# Cone Related Rates Problem

1. Nov 6, 2013

### Burjam

1. The problem statement, all variables and given/known data

Grit, which is spread on roads in winter, is stored in mounds which are the shape of a cone. As grit is added to the top of a mound at 2 cubic meters per minute, the angle between the slant side of the cone and the vertical remains 45º. How fast is the height of the mound increasing when it is half a meter high?

2. Relevant equations

V=πr2/3

3. The attempt at a solution

So I need to solve for dh/dt. I know dV/dt=2 and I know the height, but not the radius. So I draw a right triangle. Since the angle is 45º, r=h. So r=0.5. Now time to take d/dt of each side.

dV/dt=d/dt[πr2/3]
2=1/3πr2*dh/dt

I treated r as a constant and h as a function of time here. I applied the product rule and the chain rule.

dh/dt=6/πr2

Substitue 0.5 for r and I get

dh/dt=24/π

The correct answer is 8/π. Where did I go wrong?

2. Nov 6, 2013

### SteamKing

Staff Emeritus
You can't treat r as a constant. As grit is added to the cone, both h and r are changing w.r.t. time.

If r stays constant and h increases, then the angle of repose of the grit (45 degrees) will increase, which it cannot do. The angle stays constant.

3. Nov 6, 2013

### Burjam

Here's the derivative I get now:

2=1/3πr2*dh/dt + 2/3πrh*dr/dt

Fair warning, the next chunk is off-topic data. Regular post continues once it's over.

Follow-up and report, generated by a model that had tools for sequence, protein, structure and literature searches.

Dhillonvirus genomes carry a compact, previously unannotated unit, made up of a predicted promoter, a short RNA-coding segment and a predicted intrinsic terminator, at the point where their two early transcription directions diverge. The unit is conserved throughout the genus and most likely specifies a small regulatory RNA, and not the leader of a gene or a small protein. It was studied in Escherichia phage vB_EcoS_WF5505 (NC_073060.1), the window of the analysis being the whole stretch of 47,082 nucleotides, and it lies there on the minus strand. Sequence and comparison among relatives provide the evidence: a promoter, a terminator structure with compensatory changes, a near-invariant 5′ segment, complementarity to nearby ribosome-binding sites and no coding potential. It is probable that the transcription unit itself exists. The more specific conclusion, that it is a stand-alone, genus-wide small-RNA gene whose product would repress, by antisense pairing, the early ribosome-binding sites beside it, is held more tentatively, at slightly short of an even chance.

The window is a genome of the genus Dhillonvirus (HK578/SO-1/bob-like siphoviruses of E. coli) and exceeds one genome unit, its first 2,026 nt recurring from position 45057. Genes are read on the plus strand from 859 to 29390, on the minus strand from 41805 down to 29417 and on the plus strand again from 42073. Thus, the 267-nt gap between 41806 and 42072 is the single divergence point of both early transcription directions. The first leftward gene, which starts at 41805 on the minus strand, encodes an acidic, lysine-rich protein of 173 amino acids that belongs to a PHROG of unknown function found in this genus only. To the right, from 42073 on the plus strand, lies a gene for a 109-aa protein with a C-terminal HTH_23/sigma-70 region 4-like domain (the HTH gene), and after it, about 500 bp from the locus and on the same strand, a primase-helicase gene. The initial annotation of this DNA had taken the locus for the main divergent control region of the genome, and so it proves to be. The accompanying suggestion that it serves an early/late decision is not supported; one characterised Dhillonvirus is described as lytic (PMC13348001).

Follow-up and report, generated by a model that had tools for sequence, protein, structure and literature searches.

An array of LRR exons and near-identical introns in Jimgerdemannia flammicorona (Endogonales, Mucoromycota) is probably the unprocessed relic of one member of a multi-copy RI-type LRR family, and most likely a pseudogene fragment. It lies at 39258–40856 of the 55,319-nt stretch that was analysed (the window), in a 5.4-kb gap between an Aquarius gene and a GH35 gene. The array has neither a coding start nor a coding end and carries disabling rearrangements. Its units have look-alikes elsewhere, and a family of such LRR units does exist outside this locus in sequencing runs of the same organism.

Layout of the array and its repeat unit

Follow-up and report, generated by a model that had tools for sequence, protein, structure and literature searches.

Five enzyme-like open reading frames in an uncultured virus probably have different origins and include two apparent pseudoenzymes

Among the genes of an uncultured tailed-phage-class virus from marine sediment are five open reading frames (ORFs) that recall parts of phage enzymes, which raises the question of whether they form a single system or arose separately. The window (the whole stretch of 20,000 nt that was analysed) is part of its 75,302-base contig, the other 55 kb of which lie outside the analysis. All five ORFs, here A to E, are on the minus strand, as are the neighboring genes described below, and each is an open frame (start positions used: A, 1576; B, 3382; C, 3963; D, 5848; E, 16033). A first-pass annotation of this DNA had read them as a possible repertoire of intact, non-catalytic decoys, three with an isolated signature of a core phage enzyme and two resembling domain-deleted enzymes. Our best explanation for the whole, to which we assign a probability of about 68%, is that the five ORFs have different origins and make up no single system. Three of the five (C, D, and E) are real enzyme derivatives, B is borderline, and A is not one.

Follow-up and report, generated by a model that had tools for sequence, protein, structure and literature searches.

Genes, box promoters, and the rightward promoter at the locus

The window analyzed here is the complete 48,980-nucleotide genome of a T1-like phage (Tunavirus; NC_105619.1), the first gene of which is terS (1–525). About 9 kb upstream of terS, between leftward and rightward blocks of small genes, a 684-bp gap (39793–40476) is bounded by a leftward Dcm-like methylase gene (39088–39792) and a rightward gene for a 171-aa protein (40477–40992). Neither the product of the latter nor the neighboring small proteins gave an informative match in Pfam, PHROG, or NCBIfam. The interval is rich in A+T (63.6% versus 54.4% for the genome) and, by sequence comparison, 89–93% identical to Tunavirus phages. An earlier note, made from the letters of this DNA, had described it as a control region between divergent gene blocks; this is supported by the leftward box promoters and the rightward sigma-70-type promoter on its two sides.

This is great and all, but what am I supposed to sub in for dr/dt to solve the equation? I have two unknowns now.

4. Nov 6, 2013

### tiny-tim

Hi Burjam!
No, you have only one unknown (h).

r is not an indpendent unknown, it is a function of h.

5. Nov 6, 2013

### SteamKing

Staff Emeritus
You know the angle of repose of the grit (45 degrees). For each cm the height increases, how many cm does the radius increase? (Hint: draw a diagram.)

6. Nov 6, 2013

### Burjam

The radius will increase at the same rate as the height because the angle is 45º and constant. I actually drew a diagram initially to get r so this is partially from that. So dr/dt=dh/dt. From here I can solve it:

2=1/3πr2*dh/dt + 2/3πrh*dh/dt
2=dh/dt(1/3πr2 + 2/3πrh)
dh/dt=9/(πr2 + πrh)

When I plug in 0.5 for r and h I get:

dh/dt=18/π

Still not the right answer. What's wrong?

Last edited: Nov 6, 2013
7. Nov 6, 2013

### MuIotaTau

It seems to me that there's an algebra issue going between the two bolded lines. I found that using $r = h$ made it fairly simple, personally.